Coping with Medical Traumatic Stress

What do mental health professionals need to know about pediatric medical traumatic stress? How can mental health professionals improve their collaboration with medical providers around pediatric medical traumatic stress? What resources and tools are available for professionals working with children and families who have experienced pediatric medical traumatic stress? This resource guide is one source that can support mental health professionals with these questions and more.

 

This resource guide is designed to help psychosocial professionals who are working with children and families impacted by illness or injury.

 Therapist Resource Guide to Medical Traumatic Stress

 

 

Trauma can be both a medical and psychological event in the eyes of children and families experiencing serious illnesses, injuries, or painful procedures. By enhancing patient centered care with trauma informed care, health care providers can reduce the impact of difficult or frightening medical events, and help children and families cope with emotional reactions to illness and injury.

How Doctors and Nurses Make a Difference with Trauma Informed Care

Healthcare providers are experts in treating illness and saving lives. After attending to the basics of physical health (A-B-C: Airway, Breathing, Circulation), you can promote psychosocial recovery by paying attention to the D-E-F (Distress, Emotional Support, Family).

What is Trauma Informed Care?

Trauma-informed care shares many principles with patient centered care. However, trauma informed care incorporates an awareness of the impact of traumatic stress on ill or injured children and families as a part of treating the medical aspects of the trauma.

Last Updated (Tuesday, November 3, 2015)

 

Blog

It's Only a Stuffy Nose- What More Do You Need to Know?

When you take a patient's medical history, what questions do you ask? How do you interpret your patient's answers? Taking a comprehensive and accurate medical history requires artful skill at asking questions and listening...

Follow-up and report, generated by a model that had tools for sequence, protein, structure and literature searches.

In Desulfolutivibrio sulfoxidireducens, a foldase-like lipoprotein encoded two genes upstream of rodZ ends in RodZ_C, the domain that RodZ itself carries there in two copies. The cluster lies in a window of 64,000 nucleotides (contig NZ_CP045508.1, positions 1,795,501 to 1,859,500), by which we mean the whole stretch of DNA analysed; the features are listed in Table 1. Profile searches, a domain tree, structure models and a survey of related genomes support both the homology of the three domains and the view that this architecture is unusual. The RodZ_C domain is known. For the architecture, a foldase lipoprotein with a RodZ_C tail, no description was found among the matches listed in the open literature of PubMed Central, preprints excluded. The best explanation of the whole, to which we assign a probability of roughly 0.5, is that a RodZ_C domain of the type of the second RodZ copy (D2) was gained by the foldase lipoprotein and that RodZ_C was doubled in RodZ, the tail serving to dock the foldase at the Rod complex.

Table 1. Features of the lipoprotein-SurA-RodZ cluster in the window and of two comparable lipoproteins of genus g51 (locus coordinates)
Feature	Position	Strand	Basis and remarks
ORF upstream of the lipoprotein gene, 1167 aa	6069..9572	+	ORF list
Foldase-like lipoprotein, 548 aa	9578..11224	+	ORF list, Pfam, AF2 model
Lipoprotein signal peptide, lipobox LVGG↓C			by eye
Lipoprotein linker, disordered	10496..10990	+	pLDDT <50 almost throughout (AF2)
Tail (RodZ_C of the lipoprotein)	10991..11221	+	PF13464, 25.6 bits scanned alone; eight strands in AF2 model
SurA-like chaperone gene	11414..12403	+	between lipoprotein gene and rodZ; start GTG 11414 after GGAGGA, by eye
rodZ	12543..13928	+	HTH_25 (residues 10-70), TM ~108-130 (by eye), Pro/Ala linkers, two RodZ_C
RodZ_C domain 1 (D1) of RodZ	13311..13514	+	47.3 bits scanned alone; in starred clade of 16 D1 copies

Read more ...
Tragedy, Trauma, and Pediatricians

In recent weeks, hardly a day seems to go by without trauma and tragedy occurring on a national or worldwide level. Witnessing tragedies and violence, whether through the news or social media or from living in communities with high rates of violence, takes a toll on children and families.

Read more ...
Being a Teen and Young Adult Patient in the Gap Between Pediatrics and Adult Healthcare

By definition, pediatric healthcare is for children but teens, by their own definition, are not like children. There is a true gap in healthcare as young people begin to fall into the 13-25 age group, specifically with the relationship they have with their medical teams and the role they play as a patient. The older that teen/young adult patients get in pediatrics, the more ill-fitting the environment appears and yet, when they transition into adult healthcare, they are too young to easily handle what adults twice their age are discussing.

Read more ...
You Have 15 Minutes- How Do you Spend your Time?

In the 15 minutes you spend with your pediatric patients, how do you allocate your time? How much is spent on diagnosing and prescribing treatment? Listening to their story?  Does 5 minutes for compassion seem reasonable?

Read more ...